Business ethics provide a potent source of competitive advantage, placing increasing pressure on organizations to create and maintain an ethical workforce. Nonetheless…
Business ethics provide a potent source of competitive advantage, placing increasing pressure on organizations to create and maintain an ethical workforce. Nonetheless, ethical breaches continue to permeate corporate life, suggesting that there is something missing from how we conceptualize and institutionalize organizational ethics. The current effort seeks to fill this void in two ways. First, we introduce an extended ethical framework premised on sensemaking in organizations. Within this framework, we suggest that multiple individual, organizational, and societal factors may differentially influence the ethical sensemaking process. Second, we contend that human resource management plays a central role in sustaining workplace ethics and explore the strategies through which human resource personnel can work to foster an ethical culture and spearhead ethics initiatives. Future research directions applicable to scholars in both the ethics and human resources domains are provided.
This paper explores four works of contemporary fiction to illuminate formal and informal regulation of sex. The paper’s co-authors frame analysis with the story of their creation of a transdisciplinary course, entitled “Regulating Sex: Historical and Cultural Encounters,” in which students mined literature for social critique, became immersed in the study of law and its limits, and developed increased sensitivity to power, its uses, and abuses. The paper demonstrates the value theoretically and pedagogically of third-wave feminisms, wild zones, and contact zones as analytic constructs and contends that including sex and sexualities in conversations transforms personal experience, education, society, and culture, including law.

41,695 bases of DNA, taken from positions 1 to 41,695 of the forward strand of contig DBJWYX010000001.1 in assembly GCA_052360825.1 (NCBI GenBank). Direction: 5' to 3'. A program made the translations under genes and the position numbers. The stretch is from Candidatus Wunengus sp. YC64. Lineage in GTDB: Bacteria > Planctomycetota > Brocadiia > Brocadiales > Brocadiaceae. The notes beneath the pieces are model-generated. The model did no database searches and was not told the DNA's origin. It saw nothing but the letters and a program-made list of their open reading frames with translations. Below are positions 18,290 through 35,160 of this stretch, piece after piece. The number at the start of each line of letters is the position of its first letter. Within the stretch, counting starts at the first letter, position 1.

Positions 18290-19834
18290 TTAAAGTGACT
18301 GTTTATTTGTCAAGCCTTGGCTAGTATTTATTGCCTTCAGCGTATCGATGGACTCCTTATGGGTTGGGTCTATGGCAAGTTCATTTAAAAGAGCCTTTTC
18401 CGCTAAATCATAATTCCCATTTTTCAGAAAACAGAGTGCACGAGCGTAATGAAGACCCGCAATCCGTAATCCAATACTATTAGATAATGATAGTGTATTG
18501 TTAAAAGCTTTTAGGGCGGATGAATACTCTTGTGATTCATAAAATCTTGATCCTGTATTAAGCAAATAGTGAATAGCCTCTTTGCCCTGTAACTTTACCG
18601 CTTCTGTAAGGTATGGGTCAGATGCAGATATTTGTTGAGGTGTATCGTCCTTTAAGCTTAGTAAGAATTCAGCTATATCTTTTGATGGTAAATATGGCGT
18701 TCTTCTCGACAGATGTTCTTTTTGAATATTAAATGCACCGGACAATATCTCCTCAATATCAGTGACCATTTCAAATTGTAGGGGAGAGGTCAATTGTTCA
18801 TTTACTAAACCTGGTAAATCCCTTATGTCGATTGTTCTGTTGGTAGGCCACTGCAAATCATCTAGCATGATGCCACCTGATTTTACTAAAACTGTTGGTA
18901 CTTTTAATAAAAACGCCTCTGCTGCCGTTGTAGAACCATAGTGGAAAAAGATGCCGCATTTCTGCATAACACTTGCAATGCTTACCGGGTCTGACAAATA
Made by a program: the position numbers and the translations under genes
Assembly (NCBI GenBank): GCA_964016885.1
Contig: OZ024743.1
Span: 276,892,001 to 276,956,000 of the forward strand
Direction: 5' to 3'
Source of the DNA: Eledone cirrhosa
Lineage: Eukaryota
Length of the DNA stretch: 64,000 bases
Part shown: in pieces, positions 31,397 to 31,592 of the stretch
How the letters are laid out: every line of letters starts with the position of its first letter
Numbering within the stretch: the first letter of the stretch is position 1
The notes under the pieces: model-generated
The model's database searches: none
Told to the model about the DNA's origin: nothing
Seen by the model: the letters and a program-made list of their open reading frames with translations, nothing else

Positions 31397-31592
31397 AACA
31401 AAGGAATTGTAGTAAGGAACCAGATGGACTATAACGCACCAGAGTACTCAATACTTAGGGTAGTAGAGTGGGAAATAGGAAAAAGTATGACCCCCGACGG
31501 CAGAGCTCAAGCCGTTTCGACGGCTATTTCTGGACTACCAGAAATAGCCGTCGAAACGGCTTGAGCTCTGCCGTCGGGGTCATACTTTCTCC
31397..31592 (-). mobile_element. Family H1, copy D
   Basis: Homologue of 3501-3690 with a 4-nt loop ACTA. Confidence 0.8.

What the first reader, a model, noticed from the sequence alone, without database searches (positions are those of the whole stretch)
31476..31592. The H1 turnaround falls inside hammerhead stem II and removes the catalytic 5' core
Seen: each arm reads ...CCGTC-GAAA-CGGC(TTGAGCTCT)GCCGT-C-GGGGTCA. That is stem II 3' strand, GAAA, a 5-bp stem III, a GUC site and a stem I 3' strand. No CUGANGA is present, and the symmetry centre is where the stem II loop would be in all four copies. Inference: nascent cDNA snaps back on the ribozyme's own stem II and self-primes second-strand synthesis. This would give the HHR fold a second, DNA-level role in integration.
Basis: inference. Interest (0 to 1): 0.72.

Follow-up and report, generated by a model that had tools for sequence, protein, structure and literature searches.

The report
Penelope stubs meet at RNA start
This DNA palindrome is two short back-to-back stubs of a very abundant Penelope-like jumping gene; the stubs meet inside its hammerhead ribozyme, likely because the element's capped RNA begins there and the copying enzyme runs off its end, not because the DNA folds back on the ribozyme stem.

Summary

Although the relation between individual and collective memory has been long established, analysis of individual memories is hardly existent within the social sciences…
Although the relation between individual and collective memory has been long established, analysis of individual memories is hardly existent within the social sciences outside of psychoanalysis and developmental psychology. Working to overcome this gap, the author argues that children’s lives are heavily influenced by the structures of collective memory they are born into, available to children through the complex system of inter- and intragenerational relationships from very early on.
Drawing on the concepts of generation (Karl Mannheim), generagency (Madelaine Leonard), and collective memory (Maurice Halbwachs), the author establishes that the practise of intergeneratonal exchange of memories within the family provides a way to influence and overcome the limiting of children’s agency by social stratification determined by age.
The literature is divided upon whether a gender difference occurs with respect to ethical decisions. Notable researchers Tannen and Gilligan demonstrated gender difference…
The literature is divided upon whether a gender difference occurs with respect to ethical decisions. Notable researchers Tannen and Gilligan demonstrated gender difference while subsequent researchers indicate that gender differences are becoming more neutralized. The paper aims to discuss these issues.
This paper analyzes the gender demographic and intercultural influences on ethical decision-making by undergraduate students from New Zealand and the USA through four scenarios.